Fully Rely on God:  
Christopher's Story of Hope, Faith and Healing

by Kristi Pena
I started writing this article and then decided to start over.  I have always been told since I was a child that I have the gift of writing, but on the subject I am about to approach, it has proven to be a challenge.  I know how to place facts on paper, and though it is a fact that I am a believer in God, it has been difficult to tell you in words something I feel so strongly in my heart and soul.

I have been a child of God since right about the time I hit puberty.  I have always prayed and thanked God for my blessings.  I have always known during financial struggles, God will and has always seen us through.   However, it was not until my youngest child was born that I learned about a term I would like to introduce to you:

Fully Rely On God

Christopher's Story

We had prayed for a child for a long time and after a missed miscarriage at five months along and waiting for years, Christopher came along.  When Christopher was born and the knowledge that he had a heart condition was shared with my husband and me, there was no explanation of how it would be fixed to follow.  We were told there was nothing the doctors could do and to take him home and enjoy him for the short time we were going to have him.  The only option for him would be a complete heart transplant. As his parents, we undeniably wanted the medical team to try everything possible.  After Christopher gave them some signs of instability, the criteria were met for him to transfer to a transplant hospital.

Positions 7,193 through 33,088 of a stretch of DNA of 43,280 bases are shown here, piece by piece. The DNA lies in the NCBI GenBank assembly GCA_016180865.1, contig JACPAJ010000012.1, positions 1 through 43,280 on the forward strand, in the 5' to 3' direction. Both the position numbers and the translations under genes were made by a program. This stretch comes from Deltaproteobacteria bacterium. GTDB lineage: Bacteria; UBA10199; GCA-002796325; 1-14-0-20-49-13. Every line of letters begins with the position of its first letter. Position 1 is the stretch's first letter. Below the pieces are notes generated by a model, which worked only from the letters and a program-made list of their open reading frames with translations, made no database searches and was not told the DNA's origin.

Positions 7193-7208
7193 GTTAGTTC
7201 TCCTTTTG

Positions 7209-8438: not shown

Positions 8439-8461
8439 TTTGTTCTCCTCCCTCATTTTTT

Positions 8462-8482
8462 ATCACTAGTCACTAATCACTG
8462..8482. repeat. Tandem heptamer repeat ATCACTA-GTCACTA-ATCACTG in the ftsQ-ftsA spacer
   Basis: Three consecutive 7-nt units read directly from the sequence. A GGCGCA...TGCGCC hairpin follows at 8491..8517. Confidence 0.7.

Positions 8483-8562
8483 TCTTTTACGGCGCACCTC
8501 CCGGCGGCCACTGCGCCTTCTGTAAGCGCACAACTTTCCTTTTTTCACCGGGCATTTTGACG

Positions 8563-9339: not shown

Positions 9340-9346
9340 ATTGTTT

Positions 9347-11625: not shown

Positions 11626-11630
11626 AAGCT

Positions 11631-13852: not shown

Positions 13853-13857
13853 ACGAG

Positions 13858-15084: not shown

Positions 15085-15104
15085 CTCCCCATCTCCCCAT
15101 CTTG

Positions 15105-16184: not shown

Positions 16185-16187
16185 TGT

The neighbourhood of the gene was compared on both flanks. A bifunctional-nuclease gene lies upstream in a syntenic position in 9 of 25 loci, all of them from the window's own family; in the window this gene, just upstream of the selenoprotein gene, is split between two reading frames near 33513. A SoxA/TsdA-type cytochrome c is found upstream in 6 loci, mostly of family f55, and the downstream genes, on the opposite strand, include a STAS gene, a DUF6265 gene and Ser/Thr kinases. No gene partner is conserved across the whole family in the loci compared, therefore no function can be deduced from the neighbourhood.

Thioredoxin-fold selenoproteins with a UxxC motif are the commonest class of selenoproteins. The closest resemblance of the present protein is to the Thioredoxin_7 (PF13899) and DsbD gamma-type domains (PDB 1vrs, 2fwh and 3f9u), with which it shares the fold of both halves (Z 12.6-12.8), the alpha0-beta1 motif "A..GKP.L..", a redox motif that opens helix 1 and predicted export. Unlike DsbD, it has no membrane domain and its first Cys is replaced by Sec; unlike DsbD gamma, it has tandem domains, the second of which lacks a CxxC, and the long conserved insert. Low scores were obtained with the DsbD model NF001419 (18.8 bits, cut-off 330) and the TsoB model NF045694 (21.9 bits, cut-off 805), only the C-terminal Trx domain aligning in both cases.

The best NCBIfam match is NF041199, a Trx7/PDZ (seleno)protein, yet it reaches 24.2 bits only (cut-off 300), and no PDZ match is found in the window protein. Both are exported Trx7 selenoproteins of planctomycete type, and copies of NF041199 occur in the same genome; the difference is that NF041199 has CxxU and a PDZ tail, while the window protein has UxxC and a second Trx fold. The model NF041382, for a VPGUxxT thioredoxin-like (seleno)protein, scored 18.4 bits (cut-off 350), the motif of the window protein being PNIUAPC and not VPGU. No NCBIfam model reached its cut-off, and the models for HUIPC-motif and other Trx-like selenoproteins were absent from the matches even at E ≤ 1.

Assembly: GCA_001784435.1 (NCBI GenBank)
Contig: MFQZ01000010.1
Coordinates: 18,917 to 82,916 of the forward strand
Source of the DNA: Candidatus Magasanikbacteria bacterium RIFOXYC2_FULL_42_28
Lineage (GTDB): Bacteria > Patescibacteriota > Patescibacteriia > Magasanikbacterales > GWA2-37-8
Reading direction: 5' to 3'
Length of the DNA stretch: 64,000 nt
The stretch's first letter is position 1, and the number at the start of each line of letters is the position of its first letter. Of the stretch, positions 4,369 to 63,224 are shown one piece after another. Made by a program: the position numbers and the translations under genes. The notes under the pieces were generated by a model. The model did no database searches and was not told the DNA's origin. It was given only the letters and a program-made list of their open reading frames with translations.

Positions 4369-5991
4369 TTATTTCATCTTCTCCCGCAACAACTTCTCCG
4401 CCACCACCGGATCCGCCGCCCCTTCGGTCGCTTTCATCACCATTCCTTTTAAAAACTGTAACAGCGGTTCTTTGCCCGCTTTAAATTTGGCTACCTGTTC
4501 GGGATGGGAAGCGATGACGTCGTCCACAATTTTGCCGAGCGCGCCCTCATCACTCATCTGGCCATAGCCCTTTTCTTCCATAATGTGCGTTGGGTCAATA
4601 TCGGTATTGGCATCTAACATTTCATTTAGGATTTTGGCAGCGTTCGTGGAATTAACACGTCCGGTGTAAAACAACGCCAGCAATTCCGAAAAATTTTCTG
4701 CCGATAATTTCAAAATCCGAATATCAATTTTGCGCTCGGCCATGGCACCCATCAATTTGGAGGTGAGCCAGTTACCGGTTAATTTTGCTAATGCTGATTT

I think all too often we look for answers around us, forgetting to see the simplest ones.  We neglect to realize that just asking God to help us fix a problem so big is the best thing to do.  He is much better at problem solving, anyway.

After a lot of time on our knees and watching our son deteriorate before our eyes, it became evident that a heart transplant was just too risky for Christopher.  His chance for survival even with a new heart was slim, forcing us to make the most difficult decision of our lives.  We decided to take the advice of the very first doctor and just take him home and let him be as comfortable as possible for as long as God would allow us to have him.

Most simply put, through our faith, we knew the situation was a win for him either way.  If he were to die, he would be granted a pass straight to Heaven.  And if we live the rest of our lives right, we would get to see him again.  In our hearts, putting Christopher through the risky transplant at that time was for us, not him.

A lot of people questioned our decision, including family members.  We were told that they hoped we could live with ourselves later.  Of course some people did not come out and say what they were thinking, but they thought we had lost our minds.  I want everyone to understand that this decision did not mean we were giving up.  This only meant that we were taking it out of the hands of the doctors and placing our son's fate at the feet of Jesus.

In God's Hands

The moment I came to this decision the biggest weight was lifted from my heart and I knew it would be okay.  If God decided to call Christopher home the next hour, life would go on.  I was the one who needed the prayer more than him, because I would need the strength to carry on, a strength that I knew would only come from God.

At a mere 45 days old, Christopher was admitted into hospice, and given a prognosis of six months or less.